Bio-Marine Ingredients Ireland secures €5m in funding

Firm is targeting a protein ingredients sector expected to be worth nearly $40bn by 2024

Bio-Marine Ingredients Ireland extracts proteins, oils and calcium from fish for use in food ingredients and as animal feed

Bio-Marine Ingredients Ireland extracts proteins, oils and calcium from fish for use in food ingredients and as animal feed

 

An Irish company that extracts proteins, oils and calcium from fish for use in food ingredients and as animal feed has raised €5 million from small investors.

The new financing by Monaghan-based Bio-Marine Ingredients Ireland was secured through an employment and investment incentive scheme (EIIS), a State-backed initiative that allows small investors to claim relief on investments in early-stage companies. It brings funding by the company to date to €30 million.

The marine ingredients company is led by Jason Whooley, former chief executive with State seafood agency Bord Iascaigh Mhara, and is a joint venture between Killybegs Fishermen’s Organisation and Norwegian company Biomarine Science Technology,

It has a €12 million marine ingredients processing facility in Castleblayney that employs 25 people and has a capacity for 12,500 tonnes of fish. Currently it is operating at about 50 per cent capacity. The new funding will be used as working capital to boost this and to take on an additional 10 employees.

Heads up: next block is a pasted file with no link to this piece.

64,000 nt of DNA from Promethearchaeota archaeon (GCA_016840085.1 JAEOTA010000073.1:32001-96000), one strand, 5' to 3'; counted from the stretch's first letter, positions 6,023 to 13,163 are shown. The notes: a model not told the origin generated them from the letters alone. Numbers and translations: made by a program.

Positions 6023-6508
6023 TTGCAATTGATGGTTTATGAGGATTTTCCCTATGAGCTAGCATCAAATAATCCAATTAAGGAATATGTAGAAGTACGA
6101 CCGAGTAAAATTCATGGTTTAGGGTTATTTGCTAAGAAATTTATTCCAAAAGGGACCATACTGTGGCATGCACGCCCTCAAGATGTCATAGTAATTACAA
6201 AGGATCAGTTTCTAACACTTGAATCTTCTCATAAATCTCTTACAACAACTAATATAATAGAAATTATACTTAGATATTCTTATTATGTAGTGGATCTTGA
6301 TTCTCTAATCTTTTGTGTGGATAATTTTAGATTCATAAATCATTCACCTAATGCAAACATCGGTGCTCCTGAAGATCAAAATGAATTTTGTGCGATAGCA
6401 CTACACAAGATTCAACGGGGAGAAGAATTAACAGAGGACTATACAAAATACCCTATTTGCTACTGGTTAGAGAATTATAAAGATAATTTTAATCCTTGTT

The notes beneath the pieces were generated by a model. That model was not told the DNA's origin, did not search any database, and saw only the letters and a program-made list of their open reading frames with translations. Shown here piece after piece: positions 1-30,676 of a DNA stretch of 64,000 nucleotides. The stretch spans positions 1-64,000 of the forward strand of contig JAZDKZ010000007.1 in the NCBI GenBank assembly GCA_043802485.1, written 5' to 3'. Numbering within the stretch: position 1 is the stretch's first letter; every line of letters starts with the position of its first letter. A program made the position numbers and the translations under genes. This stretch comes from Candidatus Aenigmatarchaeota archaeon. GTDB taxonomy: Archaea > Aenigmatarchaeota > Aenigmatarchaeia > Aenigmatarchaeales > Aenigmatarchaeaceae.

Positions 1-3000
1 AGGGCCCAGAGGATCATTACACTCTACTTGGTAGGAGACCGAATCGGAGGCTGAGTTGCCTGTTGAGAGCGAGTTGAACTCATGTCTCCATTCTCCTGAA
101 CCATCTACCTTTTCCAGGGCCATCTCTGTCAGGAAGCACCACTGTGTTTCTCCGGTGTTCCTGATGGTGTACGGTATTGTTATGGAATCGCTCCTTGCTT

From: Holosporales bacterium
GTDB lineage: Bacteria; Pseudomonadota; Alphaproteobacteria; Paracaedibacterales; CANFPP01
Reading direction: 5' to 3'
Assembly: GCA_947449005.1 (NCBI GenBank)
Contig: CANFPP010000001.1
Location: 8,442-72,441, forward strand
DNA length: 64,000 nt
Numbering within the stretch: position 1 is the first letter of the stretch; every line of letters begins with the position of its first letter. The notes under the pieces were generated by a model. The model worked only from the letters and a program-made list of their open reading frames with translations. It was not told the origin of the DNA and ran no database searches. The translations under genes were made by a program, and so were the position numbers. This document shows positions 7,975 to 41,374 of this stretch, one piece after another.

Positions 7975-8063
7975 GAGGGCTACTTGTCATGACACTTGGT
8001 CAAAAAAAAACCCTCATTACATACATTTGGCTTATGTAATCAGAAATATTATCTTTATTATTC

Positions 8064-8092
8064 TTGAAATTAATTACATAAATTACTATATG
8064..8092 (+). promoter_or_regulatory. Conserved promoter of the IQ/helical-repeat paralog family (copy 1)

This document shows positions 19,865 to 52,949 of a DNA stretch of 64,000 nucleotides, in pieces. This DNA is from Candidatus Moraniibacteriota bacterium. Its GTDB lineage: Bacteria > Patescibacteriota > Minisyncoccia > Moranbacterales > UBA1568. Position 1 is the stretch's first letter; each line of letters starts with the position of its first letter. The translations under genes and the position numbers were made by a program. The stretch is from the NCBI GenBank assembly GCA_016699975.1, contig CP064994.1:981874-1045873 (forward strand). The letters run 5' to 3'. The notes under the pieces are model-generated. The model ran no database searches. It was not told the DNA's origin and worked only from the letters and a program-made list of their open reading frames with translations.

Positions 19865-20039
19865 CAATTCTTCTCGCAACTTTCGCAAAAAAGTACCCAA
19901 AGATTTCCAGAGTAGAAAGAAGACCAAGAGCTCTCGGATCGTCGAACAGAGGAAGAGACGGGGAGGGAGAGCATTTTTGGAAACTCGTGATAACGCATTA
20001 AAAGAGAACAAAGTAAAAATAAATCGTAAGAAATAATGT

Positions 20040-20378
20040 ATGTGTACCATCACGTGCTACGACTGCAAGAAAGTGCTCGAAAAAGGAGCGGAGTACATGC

Bio-Marine Ingredients Ireland has also previously secured planning permission for a second plant in Killybegs that will cost an estimated € 35 million to build, and which will have the capacity for 120,000 tonnes of fish once up and running.

The company, which promotes its products as being “the whey of the sea”, is seeking to tap into the global protein ingredients sector which is forecast to be worth close to $40 billion by 2024.

It has the only facility of its kind in Europe with fish, such as blue whiting, sourced from the west of Ireland.

Supply chain

Mr Whooley told The Irish Times that the fact it has complete control of the supply chain is an important factor for customers.

“About 70 per cent of the planet is under water but currently we’re only getting 2 per cent of our food from it so there is a great opportunity for us,” Mr Whooley told The Irish Times.

“There has been a need to educate the market on what we do, and it has taken us awhile to make inroads. But being able to tell customers that we can continue to supply and won’t disappear overnight has been critical to our success,” he added.

Bio-Marine Ingredients Ireland incurred a €717,962 loss in 2018, the last year for which company accounts are publicly available This brought total accumulated losses to €6.2 million.